The CCLD was designed to address two principal concerns of business litigants: (1) the need for predictable procedures to control the course of the proceedings and to bring such proceedings to a prompt conclusion and (2) the need for reasonable control over the cost of discovery, including e-discovery. The CCLD addresses these concerns by following three primary case administration principles.

First, each CCLD case will remain with the same judge from start to finish. Second, each CCLD case will be administered pursuant to uniform procedures, including the requirement of an early Rule 16 scheduling conference for counsel to meet and confer with the judge. At the Rule 16 conference, a case management order will be entered that covers all phases of the case, including the handling of discovery disputes and dispositive motions, early mandatory disclosures and the exchange of electronic discovery. Third, each CCLD case will be assigned firm pretrial and prompt trial dates that will be given priority as among the panel judges' other trial assignments.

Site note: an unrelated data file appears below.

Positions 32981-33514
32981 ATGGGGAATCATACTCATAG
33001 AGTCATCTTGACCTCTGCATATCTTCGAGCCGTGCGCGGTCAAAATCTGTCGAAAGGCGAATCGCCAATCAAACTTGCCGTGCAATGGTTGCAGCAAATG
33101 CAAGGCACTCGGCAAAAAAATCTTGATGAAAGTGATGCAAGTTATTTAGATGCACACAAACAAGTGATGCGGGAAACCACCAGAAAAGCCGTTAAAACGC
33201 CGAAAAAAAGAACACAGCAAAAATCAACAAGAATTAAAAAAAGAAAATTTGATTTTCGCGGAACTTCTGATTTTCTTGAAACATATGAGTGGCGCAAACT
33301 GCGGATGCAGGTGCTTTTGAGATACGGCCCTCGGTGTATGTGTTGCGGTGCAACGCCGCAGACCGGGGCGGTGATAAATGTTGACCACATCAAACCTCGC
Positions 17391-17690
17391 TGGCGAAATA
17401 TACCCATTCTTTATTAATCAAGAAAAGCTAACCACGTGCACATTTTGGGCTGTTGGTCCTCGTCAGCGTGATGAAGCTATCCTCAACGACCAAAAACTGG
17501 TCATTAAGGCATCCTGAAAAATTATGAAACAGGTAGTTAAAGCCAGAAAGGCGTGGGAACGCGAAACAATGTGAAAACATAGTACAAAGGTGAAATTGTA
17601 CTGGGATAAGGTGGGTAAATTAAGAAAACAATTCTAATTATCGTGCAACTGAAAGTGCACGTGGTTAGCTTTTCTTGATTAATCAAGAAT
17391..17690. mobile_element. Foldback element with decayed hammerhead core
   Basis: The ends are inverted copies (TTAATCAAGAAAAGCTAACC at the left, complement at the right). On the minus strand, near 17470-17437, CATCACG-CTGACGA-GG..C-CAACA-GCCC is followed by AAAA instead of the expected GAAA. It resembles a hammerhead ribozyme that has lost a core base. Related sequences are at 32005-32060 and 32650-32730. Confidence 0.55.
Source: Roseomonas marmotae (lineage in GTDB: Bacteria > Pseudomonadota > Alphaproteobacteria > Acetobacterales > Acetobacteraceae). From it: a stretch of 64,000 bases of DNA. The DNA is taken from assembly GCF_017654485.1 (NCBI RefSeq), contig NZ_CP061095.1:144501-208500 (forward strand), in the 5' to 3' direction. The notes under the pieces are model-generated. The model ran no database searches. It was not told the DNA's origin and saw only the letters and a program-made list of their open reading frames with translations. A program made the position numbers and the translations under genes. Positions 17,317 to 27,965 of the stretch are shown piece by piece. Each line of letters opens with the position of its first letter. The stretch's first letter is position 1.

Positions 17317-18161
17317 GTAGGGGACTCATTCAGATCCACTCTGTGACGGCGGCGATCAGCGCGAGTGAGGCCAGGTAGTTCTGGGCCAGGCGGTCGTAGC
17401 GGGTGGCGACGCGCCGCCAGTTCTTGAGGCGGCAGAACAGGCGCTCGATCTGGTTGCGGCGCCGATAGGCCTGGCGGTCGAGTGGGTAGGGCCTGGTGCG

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Ready, Set, Start Your Business Graduates
By Michael Bell Wednesday, June 9, 2010

Congratulations to all the graduates of 2010! So, now you’re looking for a job in your field of study or trying to decide what you want to do in life, right? Have you ever thought about starting your own company and being your own boss? It could be your fastest route to success. If this idea sounds interesting but you are not sure how to get started or what type of company you need, keep reading. The process does not have to be complicated or cumbersome.

Three words: Harvard Business Services, Inc.

For almost 30 years, Harvard Business Services, Inc. has been forming and filing companies for entrepreneurs like you all over the world. We will make the incorporating process so easy and painless that in less than ten minutes you will officially own your own company. There are several reasons to incorporate specificially in Delaware. Below are a few answers to some frequently asked questions. 

How easy it is form a company in Delaware?

The hardest question we’re going to ask you is what you want to call the company. After that, we will explain your options so you can decide between an LLC and an Incorporation. All we need is your contact information and payment. No signatures and no passports are required.

Do I need a physical address in Delaware or a Delaware bank account?